Monday, April 18, 2016

Signs of Teenage Suicidal Behavior

Signs of teenage suicidal behavior can be hard to spot. Often time it is confused with regular adolescent behavior.
The difference between the two is that teenagers' suicidal behavior is more extreme.

I want to you think for a moment...
Have you ever said to yourself, “I wish I could make all my troubles, hurts, and pains go away?”

If you have, chances are so has your teenager. It's this line of thinking that could sometimes lead to suicidal thoughts.
There is so much pressure for a teenager to be "normal" or "perfect".

1.      They have to be a model child for their parents.

2.      They have to be a perfect friend to their peers.

3.      They have to be a good student for their teachers.

All of these things and more are overwhelming and stressful.
In fact suicide is the third leading cause of death in 15 - 24 year olds according to

As a parent myself, it is scary for me to think that my child could go to such a dark place.
What scares me even more is not being able to bring them back from the brink of despair.
To fight such a battle, we as parents, must first know the signs of our teenagers suicidal behavior.

Common signs of teenage suicidal behavior:
Signs Of Teenage Suicidal Behavior

· Making suicidal statements

· Being preoccupied with death in conversation, writing, or drawing

· Giving away belongings

· Withdrawing from friends and family

· Having aggressive or hostile behavior

· Neglecting personal appearance

· Running away from home

· Risk-taking behavior, such as reckless driving or being sexually promiscuous

· A change in personality (such as from upbeat to quiet)

Some of these signs could be a cry for attention and may never progress to suicidal thoughts.
Any cry for attention should be met with swift intervention.

If you think your teenager's behaviors are signs of suicidal thoughts, please seek help for them.  If they are an immediate danger, call 911 or go to your nearest emergency room.  Once they are stable, contact us to schedule a confidential appointment with one of the many therapists at New Vision Counseling Center, LLC.


Monday, April 11, 2016

How To Deal With Troubled Teens

Think back to when you were a teenager.
Would your parents or society have placed you in the troubled teen category? 

What were some of your experiences? Do you remember the emotions you felt, the stress you felt to be popular, or smart, or pretty?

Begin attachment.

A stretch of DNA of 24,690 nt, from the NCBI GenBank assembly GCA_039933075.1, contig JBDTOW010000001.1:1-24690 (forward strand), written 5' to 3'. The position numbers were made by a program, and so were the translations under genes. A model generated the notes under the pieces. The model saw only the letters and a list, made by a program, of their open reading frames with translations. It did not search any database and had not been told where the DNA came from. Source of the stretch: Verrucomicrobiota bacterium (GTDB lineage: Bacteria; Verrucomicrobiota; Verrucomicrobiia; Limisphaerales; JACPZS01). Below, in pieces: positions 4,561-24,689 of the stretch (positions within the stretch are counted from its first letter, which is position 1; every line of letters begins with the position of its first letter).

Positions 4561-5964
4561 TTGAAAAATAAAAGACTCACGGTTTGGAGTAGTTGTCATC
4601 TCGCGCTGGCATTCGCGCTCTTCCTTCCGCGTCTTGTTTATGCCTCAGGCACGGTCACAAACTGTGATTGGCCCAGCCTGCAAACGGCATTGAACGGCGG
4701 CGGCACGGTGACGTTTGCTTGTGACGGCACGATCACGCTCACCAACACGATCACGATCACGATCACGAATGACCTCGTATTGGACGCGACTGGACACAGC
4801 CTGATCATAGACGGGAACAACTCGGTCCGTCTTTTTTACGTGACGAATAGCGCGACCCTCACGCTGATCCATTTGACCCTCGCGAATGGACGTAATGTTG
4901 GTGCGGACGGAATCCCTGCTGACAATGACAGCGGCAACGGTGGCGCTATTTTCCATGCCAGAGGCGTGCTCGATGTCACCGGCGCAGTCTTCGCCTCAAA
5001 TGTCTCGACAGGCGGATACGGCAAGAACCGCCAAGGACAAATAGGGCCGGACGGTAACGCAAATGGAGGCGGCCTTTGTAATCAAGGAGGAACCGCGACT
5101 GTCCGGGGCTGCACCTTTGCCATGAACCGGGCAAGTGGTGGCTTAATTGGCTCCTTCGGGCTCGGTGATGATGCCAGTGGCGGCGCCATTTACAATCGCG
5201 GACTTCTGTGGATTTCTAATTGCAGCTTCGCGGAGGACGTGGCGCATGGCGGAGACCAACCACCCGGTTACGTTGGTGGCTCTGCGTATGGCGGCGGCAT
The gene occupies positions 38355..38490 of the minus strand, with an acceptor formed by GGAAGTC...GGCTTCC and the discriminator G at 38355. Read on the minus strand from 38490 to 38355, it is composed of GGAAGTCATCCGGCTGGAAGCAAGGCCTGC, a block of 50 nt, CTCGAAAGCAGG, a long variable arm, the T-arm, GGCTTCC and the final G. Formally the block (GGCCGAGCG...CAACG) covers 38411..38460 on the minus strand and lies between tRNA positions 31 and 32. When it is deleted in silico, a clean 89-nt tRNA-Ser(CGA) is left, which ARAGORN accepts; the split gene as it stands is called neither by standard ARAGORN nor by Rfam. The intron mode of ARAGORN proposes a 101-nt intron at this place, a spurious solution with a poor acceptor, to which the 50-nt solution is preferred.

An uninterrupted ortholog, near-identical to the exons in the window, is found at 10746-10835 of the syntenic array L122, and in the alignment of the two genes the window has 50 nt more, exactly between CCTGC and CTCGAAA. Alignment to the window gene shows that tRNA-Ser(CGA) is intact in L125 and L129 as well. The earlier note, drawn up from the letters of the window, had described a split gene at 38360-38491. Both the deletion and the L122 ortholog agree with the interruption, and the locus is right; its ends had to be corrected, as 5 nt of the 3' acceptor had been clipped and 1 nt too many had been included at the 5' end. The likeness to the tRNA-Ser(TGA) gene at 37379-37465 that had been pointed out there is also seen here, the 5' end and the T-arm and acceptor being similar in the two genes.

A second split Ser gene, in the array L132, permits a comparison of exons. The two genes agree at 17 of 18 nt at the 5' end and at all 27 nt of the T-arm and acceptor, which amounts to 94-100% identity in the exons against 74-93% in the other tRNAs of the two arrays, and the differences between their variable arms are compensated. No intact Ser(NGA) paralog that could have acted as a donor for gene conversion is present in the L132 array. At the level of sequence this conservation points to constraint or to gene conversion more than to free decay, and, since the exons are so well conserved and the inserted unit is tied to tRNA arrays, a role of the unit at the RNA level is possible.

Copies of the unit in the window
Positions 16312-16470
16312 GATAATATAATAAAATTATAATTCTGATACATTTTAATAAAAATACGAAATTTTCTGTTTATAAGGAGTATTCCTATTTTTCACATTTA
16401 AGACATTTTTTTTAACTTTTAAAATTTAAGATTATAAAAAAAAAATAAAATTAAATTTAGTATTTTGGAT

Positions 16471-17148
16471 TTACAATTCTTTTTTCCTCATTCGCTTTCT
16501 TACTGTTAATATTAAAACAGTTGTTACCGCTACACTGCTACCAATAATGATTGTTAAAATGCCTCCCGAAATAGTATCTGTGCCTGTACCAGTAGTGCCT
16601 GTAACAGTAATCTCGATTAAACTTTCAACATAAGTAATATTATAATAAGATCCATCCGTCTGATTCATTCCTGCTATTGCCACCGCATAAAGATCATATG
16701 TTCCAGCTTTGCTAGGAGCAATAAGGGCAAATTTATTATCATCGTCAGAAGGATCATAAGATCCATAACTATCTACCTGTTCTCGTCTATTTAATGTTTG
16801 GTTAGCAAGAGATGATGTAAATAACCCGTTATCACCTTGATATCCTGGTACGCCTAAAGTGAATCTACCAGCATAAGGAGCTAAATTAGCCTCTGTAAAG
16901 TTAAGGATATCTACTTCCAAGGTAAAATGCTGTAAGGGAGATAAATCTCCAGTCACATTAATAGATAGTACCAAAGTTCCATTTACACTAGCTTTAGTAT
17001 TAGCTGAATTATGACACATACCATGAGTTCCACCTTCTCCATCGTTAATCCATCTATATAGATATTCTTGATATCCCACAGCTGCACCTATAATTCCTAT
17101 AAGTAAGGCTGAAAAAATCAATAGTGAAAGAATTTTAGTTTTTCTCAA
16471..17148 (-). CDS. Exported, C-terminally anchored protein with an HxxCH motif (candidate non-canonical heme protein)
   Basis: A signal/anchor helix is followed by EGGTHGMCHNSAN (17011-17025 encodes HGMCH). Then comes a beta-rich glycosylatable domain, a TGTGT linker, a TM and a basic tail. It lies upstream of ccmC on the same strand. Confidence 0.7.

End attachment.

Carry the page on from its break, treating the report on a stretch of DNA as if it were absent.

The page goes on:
Surprisingly enough, sometimes these emotions follow us into adulthood. But one hopes that as we age and become wiser we know how to deal with these emotions in a mature and healthy fashion.

As a teenager the brain doesn’t quite yet understand the concept that “this too shall pass”. This could lead to some behaviors that would cause them to be labeled as troubled teens.
Click here to learn more about the inner workings of a teenager’s brain. 

If you are a parent with a troubled teen, don’t despair, there is hope and light at the end of the tunnel. Although parenting a troubled teen will take extra effort on your part, there are things you can do to make the situation easier.

 Tips To Parenting A Troubled Teen

 ·         Identify The Cause

         If your troubled teen has recently made a drastic personality change or a shift in their circle of friends, sit down with them and talk about it. There may be something going on of which you are unaware. As busy adults it is very easy to neglect the needs of our teens. Therefore, we must remember that raising healthy teenagers should be our number one focus and remain vigilant.
I remember I had a friend in high school who started drinking a lot. Unbeknownst to her mother, the father was sexually molesting her and this is what caused her drinking. Her mother was so consumed with her own life, she never took the time to identify the root cause of my friend’s behavior.

Don’t let something like this happen to you.

·         Establish Rules And Consequences
          If your troubled teen is doing things like skipping school, staying out past curfew, or shoplifting etc., then establish some ground rules and consequences to their actions. For example, if they are skipping school, don’t allow them any television or social media interaction.

 Social media is such a big part of teenagers’ lives now but you shouldn’t allow them to be consumed by it. If you do, removing them from social media as a consequence may cause some frightening responses. In fact, there was a news story of a young man, who was an “A” student and one would not consider troubled, killing his parents because they took away his Ipod.